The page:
Noraebong: East Meets West in Common Love of Bad Singing, Booze
On a rare night out a few weeks ago, I found myself in a ladies' room, eavesdropping on a conversation between two leggy blondes. They were ready to move on to the next party and were debating the destination. What occurred next left me in momentary shock and made me realize how out of it I really am. Blonde 1 suggested that they continue their evening at what she called "Asian karaoke." Blonde 2 asked, "What's that?" Numero uno blonde explained, "It's, like, karaoke with your own room and stuff. It's sooo much fun." The extra "o's" in "so" must have been convincing enough for her pal, as off they went, journeying to a locale that up to that point, I felt was a well-kept secret in Dallas nightlife.
I'm not a stranger to Dallas' Noraebong, the private Korean karaoke party rooms primarily located in the old Koreatown of Royal Lane. Yes, I fulfill the Asian stereotype of loving me some karaoke, and Noraebong is the enticement most used when my friends try to lure me out from my living room cave. The thing about Noraebong, however, is that it's reserved as the last stop of the evening. As you can guess, I hardly ever make it that far.
Sparked by the eavesdropping episode in that nightclub's restroom, however, I knew I had some investigating to do. Sending out my Batman signal to all my friends, letting them know I was, indeed, alive, I rounded up the troops for a night of bad karaoke.
My first "research" project would be MAC Karaoke. Along with Family Karaoke, MAC is considered one of the more longstanding popular Noraebong destinations in Koreatown. Their updated song list is vast and all-encompassing, with songs ranging from K-pop to Lady Gaga. This is much appreciated, because Paula Abdul's "Rush, Rush" gets old after a while. Shut up.
For all the years I've been Noraebong-ing, it was always considered poor form for non-Asians to attend without being accompanied without at least one Asian person. My, how times have changed. The night our group visited MAC, the room next to us was occupied by a large group of partying Causcasians. Not one Asian in sight. Yes, I poked my head into their private room just to make sure. They looked like they were having a great time, too. It made me think. Why is it that karaoke is considered this embarrassing activity reserved for Japanese businessmen when, obviously, it's enjoyed by all. Or is it the anonymity of the private rooms and the free-flow of alcohol that is bringing the masses to this new late-night place to be?
As we saddled ourselves into our night of cheesy music video backgrounds and tambourine playing, we placed an order for typical Noraebong fare. No more pussyfooting around: You should know that MAC's chicken wings are the SH*T. We placed two orders of the wings, when one would sufficiently feed a pride of hungry lions. You may want to dive straight into the pile of chicken wings, but take it from someone who has burned her mouth on numerous occasions -- wait. The wings are perfectly spicy and have a crispy crust battered by the hands of fry gods. To wash down the wings, we ordered the requisite Soju, or Korean rice wine.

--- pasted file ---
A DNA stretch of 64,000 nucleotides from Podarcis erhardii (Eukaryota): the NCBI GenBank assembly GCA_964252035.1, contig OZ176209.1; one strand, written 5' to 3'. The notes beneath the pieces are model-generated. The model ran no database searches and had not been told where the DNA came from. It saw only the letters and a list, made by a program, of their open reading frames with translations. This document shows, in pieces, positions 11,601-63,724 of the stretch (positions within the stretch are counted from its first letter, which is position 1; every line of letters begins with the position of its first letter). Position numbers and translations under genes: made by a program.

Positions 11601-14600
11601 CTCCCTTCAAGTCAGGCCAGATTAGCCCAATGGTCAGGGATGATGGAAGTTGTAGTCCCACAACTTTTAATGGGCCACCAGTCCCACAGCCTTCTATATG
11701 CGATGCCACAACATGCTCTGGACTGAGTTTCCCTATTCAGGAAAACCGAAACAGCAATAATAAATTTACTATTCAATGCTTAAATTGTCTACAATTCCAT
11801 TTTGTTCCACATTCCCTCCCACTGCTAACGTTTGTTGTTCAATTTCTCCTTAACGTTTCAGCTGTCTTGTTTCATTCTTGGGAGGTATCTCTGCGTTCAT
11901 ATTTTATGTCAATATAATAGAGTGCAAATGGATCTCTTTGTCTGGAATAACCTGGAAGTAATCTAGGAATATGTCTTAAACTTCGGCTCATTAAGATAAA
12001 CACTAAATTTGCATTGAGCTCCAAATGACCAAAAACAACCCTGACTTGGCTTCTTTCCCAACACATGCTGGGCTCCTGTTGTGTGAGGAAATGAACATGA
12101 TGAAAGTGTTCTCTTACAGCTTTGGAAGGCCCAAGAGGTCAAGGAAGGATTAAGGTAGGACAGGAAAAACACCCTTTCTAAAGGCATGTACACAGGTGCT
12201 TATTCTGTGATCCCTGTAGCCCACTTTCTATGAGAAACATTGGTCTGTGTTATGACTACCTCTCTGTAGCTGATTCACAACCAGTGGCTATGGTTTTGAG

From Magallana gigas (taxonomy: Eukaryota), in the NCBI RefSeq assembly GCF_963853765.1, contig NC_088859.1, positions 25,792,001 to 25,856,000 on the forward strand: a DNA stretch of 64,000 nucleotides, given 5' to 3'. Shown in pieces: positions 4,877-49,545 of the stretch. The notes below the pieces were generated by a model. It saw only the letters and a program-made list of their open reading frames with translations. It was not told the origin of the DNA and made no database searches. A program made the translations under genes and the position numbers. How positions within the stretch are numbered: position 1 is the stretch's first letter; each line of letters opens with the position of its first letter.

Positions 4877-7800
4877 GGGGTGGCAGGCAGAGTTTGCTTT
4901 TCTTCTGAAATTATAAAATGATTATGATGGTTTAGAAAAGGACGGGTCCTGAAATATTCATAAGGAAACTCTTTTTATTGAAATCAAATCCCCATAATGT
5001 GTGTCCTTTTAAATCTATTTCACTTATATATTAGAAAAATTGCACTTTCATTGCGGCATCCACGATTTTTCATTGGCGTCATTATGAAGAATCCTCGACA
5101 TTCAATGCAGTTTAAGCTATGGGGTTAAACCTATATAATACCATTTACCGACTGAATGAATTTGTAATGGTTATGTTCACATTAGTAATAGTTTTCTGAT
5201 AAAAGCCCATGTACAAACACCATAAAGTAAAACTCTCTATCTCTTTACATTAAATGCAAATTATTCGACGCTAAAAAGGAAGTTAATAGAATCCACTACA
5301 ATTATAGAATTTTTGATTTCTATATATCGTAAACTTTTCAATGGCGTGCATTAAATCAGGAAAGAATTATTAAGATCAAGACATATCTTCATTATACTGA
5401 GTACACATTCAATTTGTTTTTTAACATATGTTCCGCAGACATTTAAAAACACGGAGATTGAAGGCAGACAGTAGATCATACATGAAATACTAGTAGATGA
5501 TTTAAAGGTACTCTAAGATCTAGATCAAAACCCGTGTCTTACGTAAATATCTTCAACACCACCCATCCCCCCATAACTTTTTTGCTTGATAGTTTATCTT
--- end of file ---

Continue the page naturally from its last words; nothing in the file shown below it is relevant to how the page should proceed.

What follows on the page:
It should be noted that Noraebong isn't cheap. Some places are open until the wee hours of the morning. Before you know it, a few songs have turned into a marathon, and a couple of hours have turned into a whole evening. Start with $20 an hour for a room, add that to any food orders and alcoholic beverages (cut-off is 2 a.m.), and you have yourself one expensive evening.
MAC's chicken wings, alcohol and karaoke -- life is good
Being the poor artsy-fartsy type that I am, I have to keep this in mind whenever I go out for a night of karaoke. I try to keep my visits to a minimum, but...
The following week, my friend Sam enticed me to come out to a relatively new Noraebong destination, Bluebird. Walking into Bluebird, it was obvious that the karaoke spot did not enjoy the same patronage as its neighbors, MAC and Family. Aside from our party, it was virtually empty. Looking at the song book, it was obvious why. Bluebird lacks the song catalog of its competitors. The mark of a good Noraebong is an updated and current song catalog. While it's nice to have oldies but goodies in the song book, there needs to be a constant flow of new songs to keep customers interested.
In the food department, all Noraebongs serve their version of basic bar food. There are the occasional standouts, like MAC's chicken wings, but for the most part, it's bowls of stale popcorn and ramen. Bluebird has a decent Katsudon, or fried porkchop, but the best alcoholic accompaniment is their spicy ramen. The waitress brought us spoons, chopsticks, and small bowls to share the huge bowl of noodles and red hot soup. For a dish that would seem difficult to eat and share, it's surprisingly appropriate as bar fare.
Bluebird's spicy ramen
Honestly, I'm torn between my territorial unease and my bemusement of Noraebong's move into the mainstream. There has been a collision of worlds. The influx of non-Asians has created some hiccups, at least in what I saw in my past few visits to Noraebong. In some instances, certain karaoke establishments have had to turn away parties. This isn't to say that the Noraebong establishments aren't enjoying the increased business. It's quite the contrary. However, whenever new elements are introduced, there will be some tension. As Noraebong attracts more visitors coming from bars all over the city, there have been a growing number of TABC raids in the recent past. The little speakeasy type hangouts are attracting more attention, and it's altered the dynamic.
Nevertheless, what's a better way to bring together different groups of people than some bar food, high-alcoholic content rice wine and bad singing? I'll learn to be a little less possessive while you can plan your next night out to Noraebong. Just remember to send me an invite.
2525 Royal Lane
11434 Emerald St.